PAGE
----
Joe Feagin sorted stacks of journals from a study that asked 626 white students to record racial incidents they had witnessed.
The study, in which the students nationwide documented about 7,500 “blatantly racist” scenes over a period of about eight weeks, provided a glimpse into how prevalent racism is even these days, the Texas A&M sociology professor said.
“A lot of it’s what people do over two beers with friends and relatives,” Feagin said before he delivered a lecture titled “White Students and Backstage Racism” to about 90 students and community members in the Memorial Student Center on Wednesday night.
“What’s happened with white Americans is we’ve learned to do the blatantly racist stuff only with friends and relatives,” he said.
The bulk of the lecture was about the 2003 study’s findings. He and a former graduate student of his, Leslie H. Picca, co-authored a book about the study, Two-Faced Racism: Whites in the Backstage and Frontstage.
They plan to write a book based on the same study after examining the journals of black students, Feagin said.
Feagin spoke as part of Social Justice Week, which began Monday and continues Thursday and Friday. It is conducted by the Leadership & Service Center in the Department of Student Activities to “raise awareness about issues that are especially pertinent to the college community,” said Mike Starr, a graduate student who helped organize the event.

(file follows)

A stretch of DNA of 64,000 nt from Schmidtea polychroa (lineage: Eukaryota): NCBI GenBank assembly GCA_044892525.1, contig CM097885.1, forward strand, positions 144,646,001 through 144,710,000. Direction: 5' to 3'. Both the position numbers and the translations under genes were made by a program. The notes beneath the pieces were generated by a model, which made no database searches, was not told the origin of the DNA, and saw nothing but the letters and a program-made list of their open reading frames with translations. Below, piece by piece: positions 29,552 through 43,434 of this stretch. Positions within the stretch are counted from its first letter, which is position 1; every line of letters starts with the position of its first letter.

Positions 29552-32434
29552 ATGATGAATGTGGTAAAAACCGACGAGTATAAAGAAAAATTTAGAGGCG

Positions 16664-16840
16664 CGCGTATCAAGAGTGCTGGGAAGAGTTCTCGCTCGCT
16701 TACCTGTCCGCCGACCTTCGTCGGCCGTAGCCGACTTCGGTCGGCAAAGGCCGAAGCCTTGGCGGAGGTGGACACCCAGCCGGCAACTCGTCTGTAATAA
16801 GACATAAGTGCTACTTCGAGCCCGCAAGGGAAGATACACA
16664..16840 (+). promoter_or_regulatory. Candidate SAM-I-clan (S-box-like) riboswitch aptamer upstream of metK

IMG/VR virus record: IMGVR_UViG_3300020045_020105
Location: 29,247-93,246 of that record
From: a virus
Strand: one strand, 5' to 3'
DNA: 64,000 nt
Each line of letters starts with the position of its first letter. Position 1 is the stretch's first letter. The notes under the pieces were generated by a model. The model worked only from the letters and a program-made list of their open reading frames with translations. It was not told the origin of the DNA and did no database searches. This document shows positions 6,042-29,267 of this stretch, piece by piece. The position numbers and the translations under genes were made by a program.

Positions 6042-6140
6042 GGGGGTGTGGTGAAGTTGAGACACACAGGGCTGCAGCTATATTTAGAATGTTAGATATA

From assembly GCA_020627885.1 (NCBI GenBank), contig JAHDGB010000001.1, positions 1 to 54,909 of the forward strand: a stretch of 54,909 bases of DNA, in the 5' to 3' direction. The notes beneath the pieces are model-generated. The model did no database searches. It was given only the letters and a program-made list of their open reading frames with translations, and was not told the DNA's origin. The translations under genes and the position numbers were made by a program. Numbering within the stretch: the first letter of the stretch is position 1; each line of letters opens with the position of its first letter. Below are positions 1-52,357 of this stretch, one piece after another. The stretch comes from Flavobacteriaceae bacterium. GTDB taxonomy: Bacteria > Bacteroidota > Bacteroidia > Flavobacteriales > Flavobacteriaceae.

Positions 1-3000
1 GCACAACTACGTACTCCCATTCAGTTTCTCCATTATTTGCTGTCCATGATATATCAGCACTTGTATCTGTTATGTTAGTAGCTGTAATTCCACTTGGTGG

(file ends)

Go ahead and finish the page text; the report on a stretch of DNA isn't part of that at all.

Kevin McCullough, a senior sports management major who attended, said the U.S. was founded on racism, and it’s still around today, but it’s more of a universal problem than just a white one.
Not everyone was impressed with the author.
Preston Wiginton, a self-described skinhead who lives in the area and once attended Texas A&M University, held up his hand, waiting fruitlessly to be called on by the professor for most of the hour-long interactive lecture. So he spoke anyway.
“[I’m here] to defend white people so they don’t have to have white guilt,” he said, as he held a sign that read “White pride, not white guilt.”
Feagin, a 1966 Harvard graduate, has also authored or co-authored several other books, including Racist America: Roots, Current Realities and Future Reparations and Ghetto Revolts: The Politics of Violence in American Cities. The latter book was nominated for a Pulitzer Prize.
“The election of a black president did not kill racist activity in this country. Racism is much deeper than what one election can affect,” he said. “I hope to see all children grow up in a truly multiracial society, where they are treated equally their whole lives. In my 70 years, I haven’t seen it.”
Feagin said people with consciences have to fight racism in all forms, whether blatant or subtle.
“Even if it’s uncomfortable,” he said. “Even if you’ll lose friends. You have a moral obligation.”
Joe Feagin at the Southern Illinois University Carbondale Lecture 2006